The Child Welfare League of America has taken drastic steps to stay alive as competition and the economy have driven membership down by nearly 60 percent, but its ultimate survival will rest in a federal agency’s decision about its pension plan.
CWLA, a 91-year-old membership and advocacy organization made up of public and private agencies, applied five months ago for a “distress termination” of its defined pension plan, which CEO Christine James-Brown said was designed for a once-larger organization and now cost “close to $1 million per year” to maintain.
“We had been increasingly unable to make the payments,” James-Brown said, “and it was at a point where we had to negotiate [payment] waivers to stay in compliance.”
The plan is insured by the federal Pension Benefit Guaranty Corporation, which protects the retirement incomes of more than 44 million American workers in more than 27,500 private-sector defined benefit pension plans.
If a pension plan insured by PBGC is terminated, the agency takes over as a trustee to pay at least some of the benefits owed to pensioners. But in order to terminate, CWLA must prove to PBGC that the plan is its primary burden, and that it could not move forward without termination.
Problems with the pension plan loomed before the recession, James-Brown said. When she joined CWLA from United Way International in 2007, “there were two issues our auditors said if we did not resolve, we’d be in major trouble.
“The first was, bring expenses down to align with the revenue. The second was…the defined pension plan. It was significantly underfunded and ignored for a long time.”
The downsizing at CWLA began under James-Brown’s predecessor, Shay Bilchik, who went on to start the Center for Juvenile Justice Reform after his departure in 2006. Under Bilchik, the staff shrunk from 130 employees to 90.
James-Brown initiated a fresh round of layoffs almost immediately, dropping the staff total to 60 at the beginning of 2008. Since then, more layoffs and departures have brought the total down to 28.
But a massive reduction in staff size – along with some maneuvering to move the organization from an expensive 10-year lease in Virginia to a more modest suite in downtown Washington – has coincided with a decline in revenue from membership. CWLA counted 1,120 members under Bilchik, a figure that had dipped to 750 by 2008 and now stands at 478.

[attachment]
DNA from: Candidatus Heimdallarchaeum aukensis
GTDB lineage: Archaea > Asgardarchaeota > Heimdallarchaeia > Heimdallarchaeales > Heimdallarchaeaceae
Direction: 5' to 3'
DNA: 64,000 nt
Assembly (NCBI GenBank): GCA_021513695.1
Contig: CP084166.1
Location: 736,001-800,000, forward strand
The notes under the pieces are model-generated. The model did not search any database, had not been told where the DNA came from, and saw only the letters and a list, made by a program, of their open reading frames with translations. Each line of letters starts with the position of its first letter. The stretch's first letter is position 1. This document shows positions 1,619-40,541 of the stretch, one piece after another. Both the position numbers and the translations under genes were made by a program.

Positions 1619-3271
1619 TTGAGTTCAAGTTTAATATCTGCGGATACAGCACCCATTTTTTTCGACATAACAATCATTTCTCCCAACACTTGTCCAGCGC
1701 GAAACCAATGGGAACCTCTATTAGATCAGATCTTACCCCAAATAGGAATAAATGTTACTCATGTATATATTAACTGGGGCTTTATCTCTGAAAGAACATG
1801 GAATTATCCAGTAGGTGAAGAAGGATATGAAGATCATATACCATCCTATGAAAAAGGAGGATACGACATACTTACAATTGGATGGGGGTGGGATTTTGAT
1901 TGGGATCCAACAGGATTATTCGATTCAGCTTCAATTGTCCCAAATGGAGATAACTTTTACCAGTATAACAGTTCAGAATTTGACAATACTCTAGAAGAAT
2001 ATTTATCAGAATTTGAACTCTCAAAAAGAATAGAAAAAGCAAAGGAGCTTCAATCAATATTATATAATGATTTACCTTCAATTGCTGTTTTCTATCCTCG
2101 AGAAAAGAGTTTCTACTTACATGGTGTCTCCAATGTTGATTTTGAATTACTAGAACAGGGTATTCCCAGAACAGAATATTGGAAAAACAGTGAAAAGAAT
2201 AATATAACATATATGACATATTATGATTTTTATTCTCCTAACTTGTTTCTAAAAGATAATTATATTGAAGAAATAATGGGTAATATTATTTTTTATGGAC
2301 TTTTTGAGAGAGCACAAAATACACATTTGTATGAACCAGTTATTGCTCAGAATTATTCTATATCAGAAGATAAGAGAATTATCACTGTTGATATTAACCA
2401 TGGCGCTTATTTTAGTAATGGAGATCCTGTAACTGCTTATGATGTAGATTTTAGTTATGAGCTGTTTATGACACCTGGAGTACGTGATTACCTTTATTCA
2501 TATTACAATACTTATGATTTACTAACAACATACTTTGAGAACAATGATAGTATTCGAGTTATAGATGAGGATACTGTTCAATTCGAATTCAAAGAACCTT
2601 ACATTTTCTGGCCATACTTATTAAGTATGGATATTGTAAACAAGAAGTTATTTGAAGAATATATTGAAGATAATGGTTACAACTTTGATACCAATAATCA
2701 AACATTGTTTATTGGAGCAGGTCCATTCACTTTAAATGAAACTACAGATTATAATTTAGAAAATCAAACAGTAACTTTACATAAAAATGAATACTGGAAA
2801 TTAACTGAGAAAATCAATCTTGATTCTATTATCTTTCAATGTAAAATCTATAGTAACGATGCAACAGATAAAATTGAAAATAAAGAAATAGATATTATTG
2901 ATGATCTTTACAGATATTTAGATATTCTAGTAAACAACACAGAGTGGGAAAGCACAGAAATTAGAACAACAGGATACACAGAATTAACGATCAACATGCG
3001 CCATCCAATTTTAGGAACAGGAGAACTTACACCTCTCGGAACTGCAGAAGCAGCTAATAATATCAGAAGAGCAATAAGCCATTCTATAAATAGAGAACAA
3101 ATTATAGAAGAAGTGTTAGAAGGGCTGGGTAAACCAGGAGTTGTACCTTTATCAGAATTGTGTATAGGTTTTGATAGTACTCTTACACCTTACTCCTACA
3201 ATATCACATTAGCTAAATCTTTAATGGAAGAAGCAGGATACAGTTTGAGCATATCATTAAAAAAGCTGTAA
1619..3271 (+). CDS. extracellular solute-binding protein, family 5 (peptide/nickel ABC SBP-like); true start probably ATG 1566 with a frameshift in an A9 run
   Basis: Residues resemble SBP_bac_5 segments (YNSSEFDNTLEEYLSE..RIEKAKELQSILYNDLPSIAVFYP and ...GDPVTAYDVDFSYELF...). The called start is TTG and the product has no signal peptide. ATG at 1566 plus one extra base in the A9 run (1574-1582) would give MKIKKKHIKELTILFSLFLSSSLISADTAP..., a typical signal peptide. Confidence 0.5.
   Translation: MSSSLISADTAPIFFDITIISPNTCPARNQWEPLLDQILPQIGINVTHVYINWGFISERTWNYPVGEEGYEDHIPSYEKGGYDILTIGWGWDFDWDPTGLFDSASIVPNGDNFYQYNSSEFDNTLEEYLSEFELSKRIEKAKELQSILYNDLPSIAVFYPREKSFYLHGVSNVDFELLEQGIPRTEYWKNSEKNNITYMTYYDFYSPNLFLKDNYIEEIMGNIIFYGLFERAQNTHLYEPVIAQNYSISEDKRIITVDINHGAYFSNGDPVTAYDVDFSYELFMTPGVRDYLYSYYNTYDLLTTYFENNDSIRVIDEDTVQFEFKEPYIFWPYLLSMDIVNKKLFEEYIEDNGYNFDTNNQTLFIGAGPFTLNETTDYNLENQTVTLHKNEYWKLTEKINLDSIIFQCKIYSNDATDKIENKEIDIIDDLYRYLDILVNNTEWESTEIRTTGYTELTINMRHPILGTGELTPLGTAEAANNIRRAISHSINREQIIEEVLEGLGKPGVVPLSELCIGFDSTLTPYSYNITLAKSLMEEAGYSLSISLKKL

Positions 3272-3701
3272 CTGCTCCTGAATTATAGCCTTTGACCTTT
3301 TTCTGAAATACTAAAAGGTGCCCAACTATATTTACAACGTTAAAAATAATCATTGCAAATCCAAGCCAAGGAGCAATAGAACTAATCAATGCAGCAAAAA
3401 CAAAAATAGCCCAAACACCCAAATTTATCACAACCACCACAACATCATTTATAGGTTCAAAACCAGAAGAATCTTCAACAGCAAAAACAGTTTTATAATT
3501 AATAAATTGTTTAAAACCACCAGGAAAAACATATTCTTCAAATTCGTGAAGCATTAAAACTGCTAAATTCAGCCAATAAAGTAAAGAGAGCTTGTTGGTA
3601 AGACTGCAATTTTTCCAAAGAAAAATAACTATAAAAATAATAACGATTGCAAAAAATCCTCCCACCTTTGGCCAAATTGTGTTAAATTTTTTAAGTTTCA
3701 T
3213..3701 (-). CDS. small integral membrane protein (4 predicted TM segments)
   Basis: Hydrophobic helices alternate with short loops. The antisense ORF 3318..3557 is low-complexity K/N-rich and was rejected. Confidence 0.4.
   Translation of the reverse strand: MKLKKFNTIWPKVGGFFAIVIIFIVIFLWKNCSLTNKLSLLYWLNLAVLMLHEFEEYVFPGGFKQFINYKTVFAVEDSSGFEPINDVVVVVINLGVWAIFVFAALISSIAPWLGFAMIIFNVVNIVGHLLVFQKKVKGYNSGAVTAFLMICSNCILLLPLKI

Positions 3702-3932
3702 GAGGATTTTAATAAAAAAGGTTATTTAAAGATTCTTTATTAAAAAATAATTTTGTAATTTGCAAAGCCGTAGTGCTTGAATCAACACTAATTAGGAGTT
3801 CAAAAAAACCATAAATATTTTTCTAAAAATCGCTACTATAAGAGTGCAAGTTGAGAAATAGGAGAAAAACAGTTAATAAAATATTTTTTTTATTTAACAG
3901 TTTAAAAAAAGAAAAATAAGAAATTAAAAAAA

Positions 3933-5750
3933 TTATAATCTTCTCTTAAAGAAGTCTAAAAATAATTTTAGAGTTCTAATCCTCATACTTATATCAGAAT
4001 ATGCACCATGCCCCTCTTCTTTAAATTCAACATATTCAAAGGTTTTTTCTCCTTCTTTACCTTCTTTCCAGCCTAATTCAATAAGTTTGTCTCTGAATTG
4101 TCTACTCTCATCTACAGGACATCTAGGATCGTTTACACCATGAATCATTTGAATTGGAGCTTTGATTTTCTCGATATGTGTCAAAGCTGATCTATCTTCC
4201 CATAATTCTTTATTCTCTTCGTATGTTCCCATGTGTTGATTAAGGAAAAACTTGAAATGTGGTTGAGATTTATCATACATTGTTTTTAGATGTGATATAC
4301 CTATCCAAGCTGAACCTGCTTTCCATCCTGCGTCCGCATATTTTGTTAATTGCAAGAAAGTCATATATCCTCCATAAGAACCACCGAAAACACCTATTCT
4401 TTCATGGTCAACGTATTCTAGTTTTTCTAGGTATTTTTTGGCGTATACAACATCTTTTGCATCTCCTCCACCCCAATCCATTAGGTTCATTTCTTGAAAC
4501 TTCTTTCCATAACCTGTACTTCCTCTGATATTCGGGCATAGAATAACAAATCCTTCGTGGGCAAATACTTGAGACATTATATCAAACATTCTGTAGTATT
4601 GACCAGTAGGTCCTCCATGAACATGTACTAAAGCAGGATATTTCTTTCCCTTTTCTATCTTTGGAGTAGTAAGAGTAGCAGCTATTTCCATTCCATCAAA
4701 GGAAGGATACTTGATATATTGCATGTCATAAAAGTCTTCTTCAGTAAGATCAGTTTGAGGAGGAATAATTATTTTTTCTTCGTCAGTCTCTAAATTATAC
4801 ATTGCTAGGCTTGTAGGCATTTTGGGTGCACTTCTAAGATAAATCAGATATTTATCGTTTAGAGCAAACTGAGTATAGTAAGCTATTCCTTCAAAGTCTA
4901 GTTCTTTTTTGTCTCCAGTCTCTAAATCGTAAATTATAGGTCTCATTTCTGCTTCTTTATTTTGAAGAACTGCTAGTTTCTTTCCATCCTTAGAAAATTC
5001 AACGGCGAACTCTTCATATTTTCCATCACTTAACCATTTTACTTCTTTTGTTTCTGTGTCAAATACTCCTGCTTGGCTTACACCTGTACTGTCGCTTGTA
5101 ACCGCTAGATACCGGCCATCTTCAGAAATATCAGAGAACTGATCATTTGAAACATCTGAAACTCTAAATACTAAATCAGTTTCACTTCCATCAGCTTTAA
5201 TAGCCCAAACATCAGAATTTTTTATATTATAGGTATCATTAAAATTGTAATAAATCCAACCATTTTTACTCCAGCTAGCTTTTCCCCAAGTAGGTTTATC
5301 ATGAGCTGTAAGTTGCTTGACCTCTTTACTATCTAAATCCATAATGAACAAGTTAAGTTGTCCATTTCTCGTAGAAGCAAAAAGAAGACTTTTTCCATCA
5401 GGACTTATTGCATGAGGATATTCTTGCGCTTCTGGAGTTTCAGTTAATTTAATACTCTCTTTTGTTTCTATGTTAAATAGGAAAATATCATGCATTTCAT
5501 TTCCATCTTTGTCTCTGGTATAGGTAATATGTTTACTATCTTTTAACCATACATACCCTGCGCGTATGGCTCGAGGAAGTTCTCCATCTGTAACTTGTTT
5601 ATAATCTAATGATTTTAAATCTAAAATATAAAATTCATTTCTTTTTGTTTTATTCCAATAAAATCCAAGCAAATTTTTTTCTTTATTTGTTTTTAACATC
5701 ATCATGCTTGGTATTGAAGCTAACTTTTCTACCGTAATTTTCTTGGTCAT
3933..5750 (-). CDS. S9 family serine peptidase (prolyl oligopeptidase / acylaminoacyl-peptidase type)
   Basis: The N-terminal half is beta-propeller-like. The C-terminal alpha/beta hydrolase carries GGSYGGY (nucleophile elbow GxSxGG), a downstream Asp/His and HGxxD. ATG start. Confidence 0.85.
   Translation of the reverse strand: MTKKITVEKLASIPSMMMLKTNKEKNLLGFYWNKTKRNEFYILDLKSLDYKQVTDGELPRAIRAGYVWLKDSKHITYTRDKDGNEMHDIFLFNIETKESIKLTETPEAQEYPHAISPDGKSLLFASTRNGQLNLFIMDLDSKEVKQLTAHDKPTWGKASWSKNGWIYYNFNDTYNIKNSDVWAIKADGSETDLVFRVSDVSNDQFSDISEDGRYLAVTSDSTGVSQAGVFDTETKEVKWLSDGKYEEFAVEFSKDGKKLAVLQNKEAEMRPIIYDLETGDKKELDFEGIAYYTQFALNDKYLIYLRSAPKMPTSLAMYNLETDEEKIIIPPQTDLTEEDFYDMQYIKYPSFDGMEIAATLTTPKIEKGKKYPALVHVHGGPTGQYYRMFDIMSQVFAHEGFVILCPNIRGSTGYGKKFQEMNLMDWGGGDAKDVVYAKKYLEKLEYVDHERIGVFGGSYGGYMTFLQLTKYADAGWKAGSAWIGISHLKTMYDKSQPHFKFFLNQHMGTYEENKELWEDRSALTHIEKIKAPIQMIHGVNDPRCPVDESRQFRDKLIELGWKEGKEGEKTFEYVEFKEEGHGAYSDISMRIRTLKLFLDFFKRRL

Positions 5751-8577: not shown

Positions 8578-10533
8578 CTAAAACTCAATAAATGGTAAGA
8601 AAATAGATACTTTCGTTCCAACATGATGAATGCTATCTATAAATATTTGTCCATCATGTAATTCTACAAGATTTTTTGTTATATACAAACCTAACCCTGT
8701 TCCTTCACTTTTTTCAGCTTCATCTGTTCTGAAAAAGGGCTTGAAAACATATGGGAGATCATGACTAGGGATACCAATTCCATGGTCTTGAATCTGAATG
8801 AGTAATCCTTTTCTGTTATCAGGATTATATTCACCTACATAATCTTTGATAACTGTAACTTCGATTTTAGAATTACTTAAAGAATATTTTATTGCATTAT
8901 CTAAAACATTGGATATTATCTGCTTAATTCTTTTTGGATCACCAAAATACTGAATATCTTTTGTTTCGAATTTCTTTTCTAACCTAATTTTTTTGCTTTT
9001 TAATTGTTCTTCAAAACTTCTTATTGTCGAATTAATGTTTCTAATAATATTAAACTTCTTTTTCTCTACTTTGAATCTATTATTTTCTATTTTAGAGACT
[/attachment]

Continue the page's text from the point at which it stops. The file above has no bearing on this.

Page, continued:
In 2006, as Bilchik prepared to depart, current and former members suggested to Youth Today reporter Patrick Boyle that CWLA had become too focused on Beltway advocacy and not focused enough on member services. The perceived priority shift had driven some members to leave CWLA for the Alliance for Children and Families, a Milwaukee-based organization that has historically eschewed advocacy work for membership development and services.
James-Brown, who said she views CWLA’s core commitment to do “advocacy on behalf of children and families,” attributes recent membership decline in funding at the state level for child welfare service providers.
“We lost 9 percent of membership last year, the lion share because of money concerns,” James-Brown said. “And when we lose members, we lose revenue. As distressed as I am, these members are choosing between dues and serving children and families.”
A merger with the Alliance has been quietly discussed in the past, but stalled. The Alliance’s former CEO Peter Goldberg, who passed away this summer, did not view advocacy as a focal point for the organization, although the organization does have a small Beltway presence led by Patrick Lester. The Alliance also does not represent public agencies.
Any prospect for a merger of the groups will depend on the views of Goldberg’s successor, Susan Dreyfus, who will join the Alliance in January. Dreyfus has been secretary of the Washington Department of Social and Health Services since 2008, and led Wisconsin’s child welfare agency from 1996 to 2002.
The fate of CWLA’s pension termination request will also be a factor. James-Brown said she expects a decision to be made within months.